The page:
Every year on Ed’s birthday, one of the gifts I gave him was a list of the things I loved about him – one attribute for every year of his life. The year Ed died, I listed 55 things I loved about him. I could have written 100.
Here, in honor of the second anniversary of his death on Sept. 14, 2010, I share a compilation, The Top Ten Things I Loved About Ed.
Ed was always, always thinking of other people. Ed had an intuitive sense about how people were feeling in a given moment, and he always made an effort to make people feel welcome, included, loved, supported, noticed, heard, remembered, cared for. He knew how to reach everyone he knew in a way that was individually meaningful, and he never missed an opportunity to make you feel good.
Ed was a doting father. Ed loved his sons with a passion and determination that I admired and that always made me proud. He would have done anything for his boys. His instincts were not only paternal but often maternal as well. He was as likely to help his boys change the oil in their vehicle as he was to pack them a lunch with a special treat inside.
Ed was quietly chivalrous. Once, we had friends to dinner, and Ed disappeared outside for what seemed like a long time. We all went out to join him and found him sitting in a chair I knew was broken, waiting for us to finally come out. He wanted to make sure no one else got stuck with that lousy chair.
Ed gave mind gifts. This tradition, which he borrowed from his late and best friend Bob Sullivan, involved giving you the idea of a gift. He would do this when he either couldn’t afford the gift or thought it was something that was only good for a laugh. He’d come home and announce, “I have a great mind gift for you,” and then he’d tell you all about it.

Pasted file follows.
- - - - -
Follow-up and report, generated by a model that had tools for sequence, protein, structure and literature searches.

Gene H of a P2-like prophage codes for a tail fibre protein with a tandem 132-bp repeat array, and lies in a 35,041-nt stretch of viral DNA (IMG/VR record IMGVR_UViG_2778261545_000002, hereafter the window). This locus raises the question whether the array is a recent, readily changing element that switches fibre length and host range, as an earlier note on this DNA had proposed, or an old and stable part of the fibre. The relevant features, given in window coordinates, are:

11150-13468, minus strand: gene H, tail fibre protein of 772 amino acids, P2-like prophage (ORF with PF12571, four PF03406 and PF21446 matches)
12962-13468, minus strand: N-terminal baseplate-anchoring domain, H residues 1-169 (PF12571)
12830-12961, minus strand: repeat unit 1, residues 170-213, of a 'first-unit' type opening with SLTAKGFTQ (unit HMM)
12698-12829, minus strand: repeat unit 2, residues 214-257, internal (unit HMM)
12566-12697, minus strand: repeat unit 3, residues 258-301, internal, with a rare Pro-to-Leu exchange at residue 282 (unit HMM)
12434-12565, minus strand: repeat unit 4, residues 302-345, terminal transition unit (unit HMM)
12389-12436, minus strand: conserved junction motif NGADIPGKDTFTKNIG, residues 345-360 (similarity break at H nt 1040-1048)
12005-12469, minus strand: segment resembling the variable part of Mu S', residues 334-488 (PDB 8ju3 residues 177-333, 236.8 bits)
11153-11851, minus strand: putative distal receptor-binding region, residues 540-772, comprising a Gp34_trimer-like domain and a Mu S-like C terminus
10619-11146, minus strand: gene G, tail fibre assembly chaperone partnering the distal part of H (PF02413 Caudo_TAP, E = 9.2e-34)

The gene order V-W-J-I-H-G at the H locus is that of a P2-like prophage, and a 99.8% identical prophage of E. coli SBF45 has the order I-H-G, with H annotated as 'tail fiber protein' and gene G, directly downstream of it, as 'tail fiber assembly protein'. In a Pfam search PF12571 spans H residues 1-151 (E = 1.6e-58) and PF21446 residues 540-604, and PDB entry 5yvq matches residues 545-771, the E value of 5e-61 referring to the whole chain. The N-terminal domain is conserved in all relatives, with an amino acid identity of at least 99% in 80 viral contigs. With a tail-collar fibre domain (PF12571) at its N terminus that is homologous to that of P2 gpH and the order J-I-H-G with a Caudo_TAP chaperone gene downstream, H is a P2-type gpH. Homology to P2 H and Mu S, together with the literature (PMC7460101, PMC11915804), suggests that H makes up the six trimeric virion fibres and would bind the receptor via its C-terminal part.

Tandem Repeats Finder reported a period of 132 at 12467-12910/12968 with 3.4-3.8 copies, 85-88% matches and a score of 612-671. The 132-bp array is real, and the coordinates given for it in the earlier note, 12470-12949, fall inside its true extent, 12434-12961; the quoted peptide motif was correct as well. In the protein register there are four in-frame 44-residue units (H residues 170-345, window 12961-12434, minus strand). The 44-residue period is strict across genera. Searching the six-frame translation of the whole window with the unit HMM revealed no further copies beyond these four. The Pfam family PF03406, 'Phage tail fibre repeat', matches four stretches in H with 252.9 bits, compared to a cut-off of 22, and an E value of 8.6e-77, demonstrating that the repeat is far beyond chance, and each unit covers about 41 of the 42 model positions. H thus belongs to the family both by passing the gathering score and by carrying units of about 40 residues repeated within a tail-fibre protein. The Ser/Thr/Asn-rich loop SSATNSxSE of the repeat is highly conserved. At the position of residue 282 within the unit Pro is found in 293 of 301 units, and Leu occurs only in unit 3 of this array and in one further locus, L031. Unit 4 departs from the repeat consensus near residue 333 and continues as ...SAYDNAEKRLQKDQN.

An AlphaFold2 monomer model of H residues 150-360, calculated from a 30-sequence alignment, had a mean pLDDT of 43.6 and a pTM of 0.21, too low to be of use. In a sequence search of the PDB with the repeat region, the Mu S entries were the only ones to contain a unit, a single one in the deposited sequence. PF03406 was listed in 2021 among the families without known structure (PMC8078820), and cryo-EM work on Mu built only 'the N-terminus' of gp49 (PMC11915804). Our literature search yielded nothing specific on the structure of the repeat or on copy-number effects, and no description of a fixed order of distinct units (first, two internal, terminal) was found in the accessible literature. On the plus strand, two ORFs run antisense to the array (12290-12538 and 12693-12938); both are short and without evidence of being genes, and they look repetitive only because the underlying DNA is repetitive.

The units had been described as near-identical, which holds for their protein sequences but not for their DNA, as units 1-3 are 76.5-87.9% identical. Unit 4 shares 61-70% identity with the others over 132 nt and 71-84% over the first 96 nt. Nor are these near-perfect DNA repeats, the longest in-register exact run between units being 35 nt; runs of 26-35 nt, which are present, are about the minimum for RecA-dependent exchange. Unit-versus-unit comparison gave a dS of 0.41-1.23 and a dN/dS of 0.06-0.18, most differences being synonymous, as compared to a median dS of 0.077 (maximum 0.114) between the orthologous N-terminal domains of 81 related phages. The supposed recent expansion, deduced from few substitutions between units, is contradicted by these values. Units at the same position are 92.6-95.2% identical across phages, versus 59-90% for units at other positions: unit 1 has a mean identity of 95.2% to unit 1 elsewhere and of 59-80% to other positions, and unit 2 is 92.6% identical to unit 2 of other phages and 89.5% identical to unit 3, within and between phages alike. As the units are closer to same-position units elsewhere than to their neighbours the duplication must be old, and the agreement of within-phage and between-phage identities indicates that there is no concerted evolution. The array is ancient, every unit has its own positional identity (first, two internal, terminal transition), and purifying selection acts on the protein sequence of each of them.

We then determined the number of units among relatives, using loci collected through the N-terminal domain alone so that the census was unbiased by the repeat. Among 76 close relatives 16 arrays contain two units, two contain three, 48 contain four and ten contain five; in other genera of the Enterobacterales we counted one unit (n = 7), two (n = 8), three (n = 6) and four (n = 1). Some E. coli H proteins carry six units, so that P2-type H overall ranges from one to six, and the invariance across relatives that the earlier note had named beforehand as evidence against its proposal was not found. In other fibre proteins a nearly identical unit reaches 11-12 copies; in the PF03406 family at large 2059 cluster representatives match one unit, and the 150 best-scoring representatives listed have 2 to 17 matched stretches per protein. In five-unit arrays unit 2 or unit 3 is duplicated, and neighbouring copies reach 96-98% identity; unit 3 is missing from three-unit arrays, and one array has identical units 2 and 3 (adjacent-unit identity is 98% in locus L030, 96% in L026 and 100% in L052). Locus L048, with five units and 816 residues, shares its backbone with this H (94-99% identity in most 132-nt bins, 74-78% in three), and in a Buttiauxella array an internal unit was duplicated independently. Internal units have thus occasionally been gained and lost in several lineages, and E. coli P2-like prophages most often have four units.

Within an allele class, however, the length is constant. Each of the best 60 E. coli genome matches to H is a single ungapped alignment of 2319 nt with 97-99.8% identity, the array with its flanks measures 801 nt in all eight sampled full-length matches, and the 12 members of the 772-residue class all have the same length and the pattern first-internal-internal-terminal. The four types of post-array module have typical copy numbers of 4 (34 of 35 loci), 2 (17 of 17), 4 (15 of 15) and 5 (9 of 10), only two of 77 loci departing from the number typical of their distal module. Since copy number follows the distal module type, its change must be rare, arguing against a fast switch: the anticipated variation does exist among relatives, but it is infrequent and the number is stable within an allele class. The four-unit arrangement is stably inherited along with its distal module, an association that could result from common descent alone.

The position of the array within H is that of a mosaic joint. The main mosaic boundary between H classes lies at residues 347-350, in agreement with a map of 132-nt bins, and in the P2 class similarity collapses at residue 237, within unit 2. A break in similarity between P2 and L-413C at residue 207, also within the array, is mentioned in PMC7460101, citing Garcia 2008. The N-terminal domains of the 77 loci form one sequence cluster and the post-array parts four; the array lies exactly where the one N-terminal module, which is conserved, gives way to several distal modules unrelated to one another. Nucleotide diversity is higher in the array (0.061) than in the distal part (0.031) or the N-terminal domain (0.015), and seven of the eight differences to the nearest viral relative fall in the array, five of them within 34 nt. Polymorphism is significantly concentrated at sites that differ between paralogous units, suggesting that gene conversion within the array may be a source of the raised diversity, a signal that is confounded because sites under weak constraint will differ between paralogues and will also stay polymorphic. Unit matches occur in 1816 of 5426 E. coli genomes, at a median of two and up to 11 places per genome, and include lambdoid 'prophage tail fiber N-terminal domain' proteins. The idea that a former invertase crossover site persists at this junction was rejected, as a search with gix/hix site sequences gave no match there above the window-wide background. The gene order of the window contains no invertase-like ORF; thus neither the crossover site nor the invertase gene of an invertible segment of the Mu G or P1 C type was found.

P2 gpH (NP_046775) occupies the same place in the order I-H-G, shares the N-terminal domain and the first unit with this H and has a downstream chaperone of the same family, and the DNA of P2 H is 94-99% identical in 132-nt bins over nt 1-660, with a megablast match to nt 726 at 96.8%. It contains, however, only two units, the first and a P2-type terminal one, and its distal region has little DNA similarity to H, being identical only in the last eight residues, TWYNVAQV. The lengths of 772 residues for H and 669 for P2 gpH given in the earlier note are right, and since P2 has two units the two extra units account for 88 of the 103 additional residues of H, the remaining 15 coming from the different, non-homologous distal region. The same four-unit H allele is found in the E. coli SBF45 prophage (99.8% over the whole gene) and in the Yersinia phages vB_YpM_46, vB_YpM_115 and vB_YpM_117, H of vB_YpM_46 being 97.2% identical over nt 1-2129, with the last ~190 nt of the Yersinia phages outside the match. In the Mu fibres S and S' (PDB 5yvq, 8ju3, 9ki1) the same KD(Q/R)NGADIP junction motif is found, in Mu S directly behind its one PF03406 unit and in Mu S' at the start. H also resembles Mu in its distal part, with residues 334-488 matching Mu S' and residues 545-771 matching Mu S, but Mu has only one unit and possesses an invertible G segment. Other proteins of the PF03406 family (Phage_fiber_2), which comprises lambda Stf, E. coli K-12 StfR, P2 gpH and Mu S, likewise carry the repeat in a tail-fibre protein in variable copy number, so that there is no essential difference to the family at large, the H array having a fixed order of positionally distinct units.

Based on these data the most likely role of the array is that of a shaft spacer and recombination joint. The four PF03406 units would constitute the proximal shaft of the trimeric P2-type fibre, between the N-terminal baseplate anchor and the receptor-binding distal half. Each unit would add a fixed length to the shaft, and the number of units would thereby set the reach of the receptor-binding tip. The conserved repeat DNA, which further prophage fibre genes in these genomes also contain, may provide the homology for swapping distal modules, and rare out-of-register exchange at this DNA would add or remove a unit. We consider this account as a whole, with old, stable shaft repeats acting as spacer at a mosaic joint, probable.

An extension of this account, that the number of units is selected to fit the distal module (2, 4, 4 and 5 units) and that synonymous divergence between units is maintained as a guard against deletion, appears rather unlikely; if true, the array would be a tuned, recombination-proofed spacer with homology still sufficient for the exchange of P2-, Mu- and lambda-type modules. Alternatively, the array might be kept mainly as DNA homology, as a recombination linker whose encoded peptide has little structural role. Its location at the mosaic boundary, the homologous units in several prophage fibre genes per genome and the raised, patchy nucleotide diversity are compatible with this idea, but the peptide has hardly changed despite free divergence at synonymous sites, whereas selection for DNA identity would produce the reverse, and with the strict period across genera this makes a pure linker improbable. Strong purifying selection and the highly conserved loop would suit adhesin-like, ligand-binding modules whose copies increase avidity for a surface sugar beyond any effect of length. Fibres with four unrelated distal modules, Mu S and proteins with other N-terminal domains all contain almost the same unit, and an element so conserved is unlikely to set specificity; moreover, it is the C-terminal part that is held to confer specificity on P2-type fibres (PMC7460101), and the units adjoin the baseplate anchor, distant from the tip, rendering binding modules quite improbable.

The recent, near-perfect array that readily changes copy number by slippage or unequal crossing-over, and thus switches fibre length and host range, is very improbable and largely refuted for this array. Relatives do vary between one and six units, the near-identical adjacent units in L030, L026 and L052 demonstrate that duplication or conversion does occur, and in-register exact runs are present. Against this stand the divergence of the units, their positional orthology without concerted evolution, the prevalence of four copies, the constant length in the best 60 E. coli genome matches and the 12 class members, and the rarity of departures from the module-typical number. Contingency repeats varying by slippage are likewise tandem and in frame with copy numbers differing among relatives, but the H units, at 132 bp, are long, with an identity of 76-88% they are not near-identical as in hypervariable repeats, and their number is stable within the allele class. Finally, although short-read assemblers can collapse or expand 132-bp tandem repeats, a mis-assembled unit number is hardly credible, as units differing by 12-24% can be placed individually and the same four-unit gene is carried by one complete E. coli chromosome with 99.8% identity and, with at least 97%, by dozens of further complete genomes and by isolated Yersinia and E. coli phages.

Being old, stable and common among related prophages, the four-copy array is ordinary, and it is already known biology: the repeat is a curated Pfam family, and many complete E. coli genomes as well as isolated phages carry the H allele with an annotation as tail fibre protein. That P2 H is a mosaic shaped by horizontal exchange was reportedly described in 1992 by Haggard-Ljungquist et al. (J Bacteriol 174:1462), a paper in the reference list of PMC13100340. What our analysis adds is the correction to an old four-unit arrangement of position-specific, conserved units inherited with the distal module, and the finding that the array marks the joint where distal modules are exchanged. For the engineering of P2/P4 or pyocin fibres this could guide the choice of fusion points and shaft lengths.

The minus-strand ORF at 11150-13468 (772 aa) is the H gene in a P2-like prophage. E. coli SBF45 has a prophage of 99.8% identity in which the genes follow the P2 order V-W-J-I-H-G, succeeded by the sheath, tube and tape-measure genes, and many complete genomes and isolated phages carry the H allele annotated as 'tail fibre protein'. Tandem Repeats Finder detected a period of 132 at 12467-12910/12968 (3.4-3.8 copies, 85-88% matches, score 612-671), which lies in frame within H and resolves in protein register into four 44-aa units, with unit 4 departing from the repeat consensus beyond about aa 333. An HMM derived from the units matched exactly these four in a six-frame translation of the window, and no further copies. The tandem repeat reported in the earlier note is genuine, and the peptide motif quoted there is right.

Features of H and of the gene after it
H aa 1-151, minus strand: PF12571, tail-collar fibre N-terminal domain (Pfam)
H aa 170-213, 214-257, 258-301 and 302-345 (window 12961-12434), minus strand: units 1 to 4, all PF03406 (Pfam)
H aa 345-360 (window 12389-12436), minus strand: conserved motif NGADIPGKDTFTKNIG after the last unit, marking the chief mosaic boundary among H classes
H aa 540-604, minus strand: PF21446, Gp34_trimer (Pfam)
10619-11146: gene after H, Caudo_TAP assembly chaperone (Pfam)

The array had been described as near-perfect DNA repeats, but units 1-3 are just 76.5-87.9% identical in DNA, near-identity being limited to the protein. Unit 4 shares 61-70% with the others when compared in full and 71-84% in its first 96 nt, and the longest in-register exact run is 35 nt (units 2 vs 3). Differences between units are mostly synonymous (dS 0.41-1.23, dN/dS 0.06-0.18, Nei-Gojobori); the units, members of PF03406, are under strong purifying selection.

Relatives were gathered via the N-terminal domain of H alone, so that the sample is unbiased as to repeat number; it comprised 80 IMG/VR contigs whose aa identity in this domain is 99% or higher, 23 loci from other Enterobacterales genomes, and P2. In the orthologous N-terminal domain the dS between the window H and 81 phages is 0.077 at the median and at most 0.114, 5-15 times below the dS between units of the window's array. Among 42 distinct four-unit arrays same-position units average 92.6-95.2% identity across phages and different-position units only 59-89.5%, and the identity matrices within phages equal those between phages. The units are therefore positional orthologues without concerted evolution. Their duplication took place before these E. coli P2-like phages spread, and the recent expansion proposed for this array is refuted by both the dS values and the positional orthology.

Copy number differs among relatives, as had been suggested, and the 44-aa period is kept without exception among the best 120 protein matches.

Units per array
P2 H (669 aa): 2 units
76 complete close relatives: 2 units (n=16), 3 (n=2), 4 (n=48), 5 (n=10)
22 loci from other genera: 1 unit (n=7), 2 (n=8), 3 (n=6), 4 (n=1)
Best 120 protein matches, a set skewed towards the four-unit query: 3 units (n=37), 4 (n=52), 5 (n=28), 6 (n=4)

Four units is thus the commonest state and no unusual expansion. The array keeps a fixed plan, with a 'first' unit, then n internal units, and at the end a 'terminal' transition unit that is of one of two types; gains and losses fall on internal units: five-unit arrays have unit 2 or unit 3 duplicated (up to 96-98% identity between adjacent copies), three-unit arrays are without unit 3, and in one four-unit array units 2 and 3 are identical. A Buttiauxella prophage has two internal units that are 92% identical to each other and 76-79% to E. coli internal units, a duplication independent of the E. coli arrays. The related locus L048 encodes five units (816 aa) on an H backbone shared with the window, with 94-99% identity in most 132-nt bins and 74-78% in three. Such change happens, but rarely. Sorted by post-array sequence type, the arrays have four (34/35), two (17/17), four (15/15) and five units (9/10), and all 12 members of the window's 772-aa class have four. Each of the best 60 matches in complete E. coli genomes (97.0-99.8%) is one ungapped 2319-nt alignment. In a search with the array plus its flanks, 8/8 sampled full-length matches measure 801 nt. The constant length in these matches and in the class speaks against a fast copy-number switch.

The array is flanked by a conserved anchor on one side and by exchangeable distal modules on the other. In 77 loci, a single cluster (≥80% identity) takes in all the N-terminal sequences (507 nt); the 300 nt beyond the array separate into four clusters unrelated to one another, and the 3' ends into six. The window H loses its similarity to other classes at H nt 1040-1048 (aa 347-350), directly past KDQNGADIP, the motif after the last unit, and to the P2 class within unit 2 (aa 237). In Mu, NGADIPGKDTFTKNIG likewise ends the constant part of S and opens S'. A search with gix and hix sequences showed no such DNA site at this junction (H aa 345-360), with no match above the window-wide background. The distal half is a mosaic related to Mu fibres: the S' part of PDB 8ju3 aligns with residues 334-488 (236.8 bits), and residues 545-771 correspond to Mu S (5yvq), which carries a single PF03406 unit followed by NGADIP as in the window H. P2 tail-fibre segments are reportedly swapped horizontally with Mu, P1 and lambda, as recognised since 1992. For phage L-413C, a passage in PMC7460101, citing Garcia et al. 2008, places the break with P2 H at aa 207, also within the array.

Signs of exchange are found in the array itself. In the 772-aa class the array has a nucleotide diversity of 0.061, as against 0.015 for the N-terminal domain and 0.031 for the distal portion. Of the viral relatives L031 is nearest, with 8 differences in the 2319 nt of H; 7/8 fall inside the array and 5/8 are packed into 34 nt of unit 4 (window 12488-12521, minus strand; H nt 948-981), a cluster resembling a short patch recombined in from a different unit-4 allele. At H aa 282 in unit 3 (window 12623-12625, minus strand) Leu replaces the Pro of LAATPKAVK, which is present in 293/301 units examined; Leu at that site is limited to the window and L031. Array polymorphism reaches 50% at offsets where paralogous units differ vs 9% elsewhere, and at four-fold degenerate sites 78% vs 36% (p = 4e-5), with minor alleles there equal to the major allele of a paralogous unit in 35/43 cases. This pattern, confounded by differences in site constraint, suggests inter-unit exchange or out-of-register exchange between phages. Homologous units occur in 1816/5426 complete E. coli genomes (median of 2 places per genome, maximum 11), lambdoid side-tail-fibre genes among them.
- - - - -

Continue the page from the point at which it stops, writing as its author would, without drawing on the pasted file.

Ed had a great sense of humor. My friend Judy called Ed a great “laugh slut” because he so easily laughed at her jokes, but he had his own wacky brand of humor as well. One morning, when he had to get up before me, he laid his pajamas in life-like form on the bed beside me “to keep me company” when I woke up.
Ed had unmistakably high standards. Ed was a carpenter, a musician, a collector of antiques and the best caretaker of anything he owned. In his profession, when he was renovating a home, you can bet every material used was of high quality and carefully inspected. In his music, the lyrics he wrote were refined, the instruments he played of the best quality. He loved his Martin guitar.
Ed could fix anything, and if he didn’t know how, he’d figure it out. He fixed everything from our dryer to the ceiling fan in the bathroom – the engine of which he actually took apart and oiled. He fixed kitchen cabinets, wooden drawers, the furnace, the dishwasher, our vehicles. (He actually never fixed that chair; it was webbed, and it got tossed.)
Ed was a generous minimalist. Ed’s wardrobe was limited to faded jeans and T-shirts, and he saw no need for things to be otherwise. He had only a few sweatshirts, but when a young man knocked on our door one night and told Ed he was homeless, living in his car and out of gas on a freezing, rainy night. Ed gave him one of his sweatshirts as well as a ride to the gas station, where he filled the young man’s tank and bought him dinner.
Ed was brave and strong. He battled alcoholism and lived the last three and a half years of his life in sobriety. He conquered internal conflicts that most of us could not even understand, and he did this with his head held high and his heart solidly in the right place.
Ed died with dignity. Ed remained brave and strong throughout his brief illness and death. He remained independent and mobile – even walking up the stairs – until mere days before his death. He thought continually of others – would we be okay? Everyone recognized this. In a letter my daughter Molly wrote to me after Ed’s death, she said, “He was so sick, but when I got home from school I’m sure he asked me how was my day.”
We miss you Ed Godleski. You were a great man.